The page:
PPE & RFID: Scanning Revolution
Here at Syndustry Equipment we've been working with different scanning techniques for years. Often used are barcodes (1D) or QR-codes (2D), but electronic chip-based scanning has quickly been gaining ground.
The two most notable scanning techniques are RFID (Radio Frequenty IDentification) and NFC (Near Field Communication).
In this article we'll discuss the advantages and disadvantages of each technique, and what it means for an organisation looking to implement a scanning technique for their PPE.
The main forms of item identification
RFID Radio Frequency IDentification
NFC Near Field Communication
Barcode 1-dimensional optical code
QR-code 2-dimensional optical code
Examples of PPE are:
- hard hats
- ear protection
- high visibility clothing
- safety footwear and safety harnesses
- thermal, weather and waterproof clothing
- respiratory protective equipment (RPE)
A lot of industries work with PPE. Any profession that includes potentially hazardous work often incorporates (compulsory) PPE. For example, a construction worker must wear a helmet, shoes and gloves. Other industries where the use of PPE is prevalent are, for example; stage building, rope access, oil & gas and emergency services.
There are many PPE symbols in use on signage around work areas to indicate required PPE. We’ve all probably seen the sign requiring you to wear safety boots or a hard hat.
It’s important for both employer and employees that the indicated use of PPE is clear and accurate. An employer is responsible for adhering to PPE regulations and for the direct safety of his or her employees as we will discuss later.
To clearly signal to use of PPE the symbols below are used, for example:
- If the work area is very loud, the employees need to wear ear protection.
- When clean hands and good hygiene are of the utmost importance, then use cleaning & washroom signs.
Often used examples of PPE symbols.
What is PPE in health and safety
Both employer and employees have a responsibility to adhere to all laws and regulations concerning the registration, use and maintenance of equipment. PPE in health and safety refers to these responsibilities as well as the actual pieces of equipment.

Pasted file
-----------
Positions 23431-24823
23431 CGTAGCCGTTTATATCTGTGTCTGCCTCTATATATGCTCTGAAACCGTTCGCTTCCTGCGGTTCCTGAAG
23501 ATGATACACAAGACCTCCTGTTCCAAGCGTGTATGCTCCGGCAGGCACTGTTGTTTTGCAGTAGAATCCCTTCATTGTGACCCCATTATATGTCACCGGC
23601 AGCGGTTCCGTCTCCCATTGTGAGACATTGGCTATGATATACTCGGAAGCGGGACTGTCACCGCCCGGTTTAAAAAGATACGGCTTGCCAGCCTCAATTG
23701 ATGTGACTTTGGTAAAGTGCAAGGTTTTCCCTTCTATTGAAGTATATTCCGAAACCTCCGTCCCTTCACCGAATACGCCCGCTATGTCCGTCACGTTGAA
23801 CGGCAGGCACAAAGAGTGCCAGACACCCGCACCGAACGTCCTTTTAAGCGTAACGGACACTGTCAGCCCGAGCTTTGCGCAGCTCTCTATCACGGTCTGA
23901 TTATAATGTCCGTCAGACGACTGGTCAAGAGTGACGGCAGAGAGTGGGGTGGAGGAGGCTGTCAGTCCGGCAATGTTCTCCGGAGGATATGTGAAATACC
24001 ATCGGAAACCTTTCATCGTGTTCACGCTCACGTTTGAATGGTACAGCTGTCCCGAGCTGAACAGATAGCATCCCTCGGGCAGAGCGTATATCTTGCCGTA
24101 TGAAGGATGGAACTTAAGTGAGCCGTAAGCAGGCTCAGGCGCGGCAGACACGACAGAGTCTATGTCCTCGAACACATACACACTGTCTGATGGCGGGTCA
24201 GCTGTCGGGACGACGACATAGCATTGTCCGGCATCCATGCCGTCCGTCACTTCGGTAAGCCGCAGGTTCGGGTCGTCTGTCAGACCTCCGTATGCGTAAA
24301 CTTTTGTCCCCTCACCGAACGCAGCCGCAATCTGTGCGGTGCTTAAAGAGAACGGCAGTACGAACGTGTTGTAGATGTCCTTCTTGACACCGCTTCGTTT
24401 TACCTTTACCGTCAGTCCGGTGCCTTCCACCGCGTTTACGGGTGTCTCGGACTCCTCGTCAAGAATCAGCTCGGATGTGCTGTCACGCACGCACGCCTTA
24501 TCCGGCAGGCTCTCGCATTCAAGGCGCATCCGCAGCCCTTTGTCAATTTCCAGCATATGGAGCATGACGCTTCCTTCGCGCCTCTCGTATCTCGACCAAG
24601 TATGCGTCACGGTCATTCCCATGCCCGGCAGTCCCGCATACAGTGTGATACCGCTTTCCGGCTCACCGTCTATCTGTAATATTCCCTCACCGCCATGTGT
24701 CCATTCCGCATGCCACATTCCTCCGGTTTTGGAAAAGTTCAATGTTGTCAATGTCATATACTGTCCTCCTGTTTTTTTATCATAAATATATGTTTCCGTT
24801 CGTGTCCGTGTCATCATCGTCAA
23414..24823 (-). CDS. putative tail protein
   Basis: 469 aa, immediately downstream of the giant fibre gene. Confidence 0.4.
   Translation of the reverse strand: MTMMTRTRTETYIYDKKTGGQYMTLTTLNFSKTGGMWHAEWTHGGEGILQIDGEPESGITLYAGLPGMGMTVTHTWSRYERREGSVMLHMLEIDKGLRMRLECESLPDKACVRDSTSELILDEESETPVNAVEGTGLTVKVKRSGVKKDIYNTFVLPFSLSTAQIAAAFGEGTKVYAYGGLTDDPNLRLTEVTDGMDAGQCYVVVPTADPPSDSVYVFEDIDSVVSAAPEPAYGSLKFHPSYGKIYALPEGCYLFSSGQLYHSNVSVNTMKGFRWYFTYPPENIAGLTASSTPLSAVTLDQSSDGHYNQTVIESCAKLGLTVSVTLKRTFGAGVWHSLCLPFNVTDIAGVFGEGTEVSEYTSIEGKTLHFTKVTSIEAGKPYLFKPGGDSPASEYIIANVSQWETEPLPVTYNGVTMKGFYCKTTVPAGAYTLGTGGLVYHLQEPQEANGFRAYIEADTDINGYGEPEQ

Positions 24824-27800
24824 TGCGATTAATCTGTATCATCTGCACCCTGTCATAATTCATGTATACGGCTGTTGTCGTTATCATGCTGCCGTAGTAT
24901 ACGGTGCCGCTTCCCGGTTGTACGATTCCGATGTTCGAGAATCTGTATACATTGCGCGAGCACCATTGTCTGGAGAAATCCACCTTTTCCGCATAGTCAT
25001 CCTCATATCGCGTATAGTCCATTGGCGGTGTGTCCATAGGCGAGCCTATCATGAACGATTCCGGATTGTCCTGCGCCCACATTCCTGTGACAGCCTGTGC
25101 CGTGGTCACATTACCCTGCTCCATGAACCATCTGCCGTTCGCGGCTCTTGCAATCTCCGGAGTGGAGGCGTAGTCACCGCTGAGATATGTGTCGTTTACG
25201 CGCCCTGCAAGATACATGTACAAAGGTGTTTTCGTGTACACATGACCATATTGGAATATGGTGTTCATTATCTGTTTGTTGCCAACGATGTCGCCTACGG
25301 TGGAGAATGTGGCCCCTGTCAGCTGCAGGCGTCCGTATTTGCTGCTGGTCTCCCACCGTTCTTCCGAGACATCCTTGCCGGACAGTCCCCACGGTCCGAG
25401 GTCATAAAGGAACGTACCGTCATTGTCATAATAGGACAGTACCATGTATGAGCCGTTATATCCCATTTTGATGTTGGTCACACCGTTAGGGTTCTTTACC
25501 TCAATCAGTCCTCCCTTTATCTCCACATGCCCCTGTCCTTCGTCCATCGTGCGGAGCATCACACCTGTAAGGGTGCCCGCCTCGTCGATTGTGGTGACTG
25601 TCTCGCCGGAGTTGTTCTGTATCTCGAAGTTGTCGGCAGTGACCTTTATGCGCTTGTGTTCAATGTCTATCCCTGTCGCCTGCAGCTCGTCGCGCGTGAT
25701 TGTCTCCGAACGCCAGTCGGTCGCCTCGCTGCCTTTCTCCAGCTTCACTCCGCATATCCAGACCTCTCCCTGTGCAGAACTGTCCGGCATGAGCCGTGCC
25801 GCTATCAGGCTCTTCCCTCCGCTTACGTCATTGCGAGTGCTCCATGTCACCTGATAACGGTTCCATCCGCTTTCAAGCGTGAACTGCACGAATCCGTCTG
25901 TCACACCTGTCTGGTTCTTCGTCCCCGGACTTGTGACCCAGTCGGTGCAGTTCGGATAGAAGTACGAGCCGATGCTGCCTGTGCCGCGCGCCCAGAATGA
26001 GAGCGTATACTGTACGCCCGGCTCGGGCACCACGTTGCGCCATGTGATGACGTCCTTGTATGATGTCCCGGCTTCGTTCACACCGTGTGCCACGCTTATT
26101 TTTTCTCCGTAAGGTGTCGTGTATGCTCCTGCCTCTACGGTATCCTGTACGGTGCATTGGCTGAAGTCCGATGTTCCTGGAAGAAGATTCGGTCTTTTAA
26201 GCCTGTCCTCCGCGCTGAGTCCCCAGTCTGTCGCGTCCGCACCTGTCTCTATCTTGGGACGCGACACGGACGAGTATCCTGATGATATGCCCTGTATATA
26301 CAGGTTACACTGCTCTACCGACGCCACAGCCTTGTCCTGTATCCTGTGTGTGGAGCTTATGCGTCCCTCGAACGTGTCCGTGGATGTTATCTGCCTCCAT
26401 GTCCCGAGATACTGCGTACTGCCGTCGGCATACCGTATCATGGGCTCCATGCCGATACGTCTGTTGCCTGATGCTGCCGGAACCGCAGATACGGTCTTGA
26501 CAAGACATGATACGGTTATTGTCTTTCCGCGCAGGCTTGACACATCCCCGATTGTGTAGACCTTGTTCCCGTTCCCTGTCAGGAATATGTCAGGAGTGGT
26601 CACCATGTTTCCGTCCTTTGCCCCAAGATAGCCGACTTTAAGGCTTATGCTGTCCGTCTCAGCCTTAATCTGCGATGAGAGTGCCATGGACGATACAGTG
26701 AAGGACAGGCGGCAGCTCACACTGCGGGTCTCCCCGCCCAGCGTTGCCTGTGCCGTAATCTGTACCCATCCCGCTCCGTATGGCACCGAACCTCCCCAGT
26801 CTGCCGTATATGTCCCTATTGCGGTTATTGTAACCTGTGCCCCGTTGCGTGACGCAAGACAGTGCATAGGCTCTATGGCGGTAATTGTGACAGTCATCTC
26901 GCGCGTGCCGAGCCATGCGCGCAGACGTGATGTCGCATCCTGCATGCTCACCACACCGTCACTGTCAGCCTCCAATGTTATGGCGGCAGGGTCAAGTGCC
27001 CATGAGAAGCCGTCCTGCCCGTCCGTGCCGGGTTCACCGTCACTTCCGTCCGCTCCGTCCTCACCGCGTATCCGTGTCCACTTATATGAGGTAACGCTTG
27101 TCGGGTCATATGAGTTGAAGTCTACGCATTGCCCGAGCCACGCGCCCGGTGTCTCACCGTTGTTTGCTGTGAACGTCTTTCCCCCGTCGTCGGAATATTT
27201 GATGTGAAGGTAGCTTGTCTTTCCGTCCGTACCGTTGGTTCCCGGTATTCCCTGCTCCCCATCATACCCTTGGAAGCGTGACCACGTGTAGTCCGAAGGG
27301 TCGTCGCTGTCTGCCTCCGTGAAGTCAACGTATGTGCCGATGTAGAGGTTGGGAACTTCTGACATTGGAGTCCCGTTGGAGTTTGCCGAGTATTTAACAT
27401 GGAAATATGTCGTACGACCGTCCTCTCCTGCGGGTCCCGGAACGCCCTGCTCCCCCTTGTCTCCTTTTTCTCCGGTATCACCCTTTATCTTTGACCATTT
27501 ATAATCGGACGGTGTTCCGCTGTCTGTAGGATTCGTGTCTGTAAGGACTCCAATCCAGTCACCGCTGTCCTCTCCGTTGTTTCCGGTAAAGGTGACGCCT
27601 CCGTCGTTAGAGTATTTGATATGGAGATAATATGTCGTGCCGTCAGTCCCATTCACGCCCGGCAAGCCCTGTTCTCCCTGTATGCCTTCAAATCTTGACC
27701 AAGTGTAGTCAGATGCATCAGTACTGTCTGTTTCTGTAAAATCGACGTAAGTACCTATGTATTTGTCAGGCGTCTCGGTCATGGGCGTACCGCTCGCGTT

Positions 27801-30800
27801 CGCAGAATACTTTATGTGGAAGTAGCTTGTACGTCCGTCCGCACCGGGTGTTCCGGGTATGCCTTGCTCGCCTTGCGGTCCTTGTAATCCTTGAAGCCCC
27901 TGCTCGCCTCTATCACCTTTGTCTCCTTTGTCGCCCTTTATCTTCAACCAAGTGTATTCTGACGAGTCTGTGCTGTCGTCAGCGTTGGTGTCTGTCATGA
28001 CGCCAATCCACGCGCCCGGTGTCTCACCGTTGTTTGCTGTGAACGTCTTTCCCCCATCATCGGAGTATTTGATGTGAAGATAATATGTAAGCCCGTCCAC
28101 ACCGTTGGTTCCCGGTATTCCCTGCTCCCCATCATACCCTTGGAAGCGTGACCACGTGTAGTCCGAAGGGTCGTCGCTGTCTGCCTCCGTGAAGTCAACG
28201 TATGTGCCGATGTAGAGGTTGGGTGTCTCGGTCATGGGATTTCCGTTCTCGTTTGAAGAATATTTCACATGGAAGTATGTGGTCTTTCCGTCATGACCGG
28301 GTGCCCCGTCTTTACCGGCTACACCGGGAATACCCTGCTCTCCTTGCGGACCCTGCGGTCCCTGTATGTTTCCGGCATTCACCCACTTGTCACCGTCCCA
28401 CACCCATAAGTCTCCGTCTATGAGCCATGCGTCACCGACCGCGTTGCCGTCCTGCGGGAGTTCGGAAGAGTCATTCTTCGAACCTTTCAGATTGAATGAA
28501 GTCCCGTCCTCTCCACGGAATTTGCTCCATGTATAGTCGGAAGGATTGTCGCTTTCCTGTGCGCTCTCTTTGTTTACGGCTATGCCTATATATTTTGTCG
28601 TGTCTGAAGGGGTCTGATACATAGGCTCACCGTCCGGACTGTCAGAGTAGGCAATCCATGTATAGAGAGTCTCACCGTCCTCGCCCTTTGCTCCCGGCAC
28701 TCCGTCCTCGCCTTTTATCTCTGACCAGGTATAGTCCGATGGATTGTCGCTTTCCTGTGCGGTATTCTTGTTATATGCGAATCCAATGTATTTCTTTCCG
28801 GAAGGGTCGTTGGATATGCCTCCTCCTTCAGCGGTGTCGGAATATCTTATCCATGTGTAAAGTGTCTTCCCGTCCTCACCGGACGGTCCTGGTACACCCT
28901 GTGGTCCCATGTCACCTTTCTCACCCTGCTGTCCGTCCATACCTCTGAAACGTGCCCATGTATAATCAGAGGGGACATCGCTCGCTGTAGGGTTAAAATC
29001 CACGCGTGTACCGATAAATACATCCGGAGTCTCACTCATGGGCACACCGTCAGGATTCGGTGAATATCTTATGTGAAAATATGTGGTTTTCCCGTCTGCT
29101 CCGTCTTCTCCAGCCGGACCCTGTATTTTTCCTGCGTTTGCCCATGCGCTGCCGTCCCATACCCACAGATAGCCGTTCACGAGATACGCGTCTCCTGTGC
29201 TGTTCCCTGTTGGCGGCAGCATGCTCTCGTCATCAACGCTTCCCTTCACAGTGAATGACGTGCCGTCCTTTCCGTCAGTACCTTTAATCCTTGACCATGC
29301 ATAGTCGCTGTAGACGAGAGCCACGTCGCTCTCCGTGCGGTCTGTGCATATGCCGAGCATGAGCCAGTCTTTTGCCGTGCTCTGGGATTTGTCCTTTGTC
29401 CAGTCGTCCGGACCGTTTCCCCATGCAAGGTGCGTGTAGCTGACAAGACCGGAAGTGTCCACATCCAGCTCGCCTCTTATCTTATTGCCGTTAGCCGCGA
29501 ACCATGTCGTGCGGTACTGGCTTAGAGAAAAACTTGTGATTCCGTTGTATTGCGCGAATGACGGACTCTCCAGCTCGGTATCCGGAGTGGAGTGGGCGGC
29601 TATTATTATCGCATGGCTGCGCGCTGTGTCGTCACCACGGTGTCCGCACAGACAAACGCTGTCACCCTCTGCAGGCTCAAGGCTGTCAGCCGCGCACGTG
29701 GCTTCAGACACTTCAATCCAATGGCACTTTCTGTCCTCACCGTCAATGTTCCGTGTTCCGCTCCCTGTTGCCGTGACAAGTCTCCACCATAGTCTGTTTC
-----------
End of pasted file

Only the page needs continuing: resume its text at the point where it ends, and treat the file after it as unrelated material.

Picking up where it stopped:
So, PPE in health and safety covers a lot of ground, and it’s not just a matter of putting the helmet on your head. That’s is simply the end result of a proper PPE policy. Once an employer acquires or introduces new PPE requirements a number of key issues are to be addressed:
- maintain a a complete history of each item
- perform and register periodic inspections of PPE
- make sure employees have the right PPE for the job
- make sure employees have accurate information on how to use each item
- ensure that PPE on site is certified and ready for use
Often, one or more of the above issues are neglected or underappreciated. This is largely accidental and is the result of the lack of workflows or administrative tools that help properly address these issues. Failing to address these issues can at best result in higher operating costs and at worst an increased risk to employees’ health and safety.
Implementing an identification technique can hugely improve handling and proper registration of items. Though the cost of chip-based solutions such as RFID and NFC is falling, the most cost-effective way of identifying equipment can be found in hybrid solutions. However, more and more manufacturers are adding RFID/NFC-chips to their PPE, further reducing the costs incurred by having to manually apply a chip yourself.
Scanning techniques can help reduce handling time drastically, coupled with a PPE management platform such as Syndustry Equipment To help organizations meet regulatory demands and to help protect employee’s safety, we’ve developed Syndustry Equipment. Our platform allows you to quickly register, inspect and mobilise equipment as well as offer employees a knowledge base on how to correctly use their PPE.
Do you need help with your PPE to be compliant or reduce handling costs? Check out the benefits of our free platform for operational companies, or if you manage equipment for clients for distributors of PPE.
Please note: PPE regulations differ per country, make sure you comply with your local laws and regulations when handling PPE. For more information on the applicable laws in the EU, check out regulation 2016/425:
EU legislation and PPE
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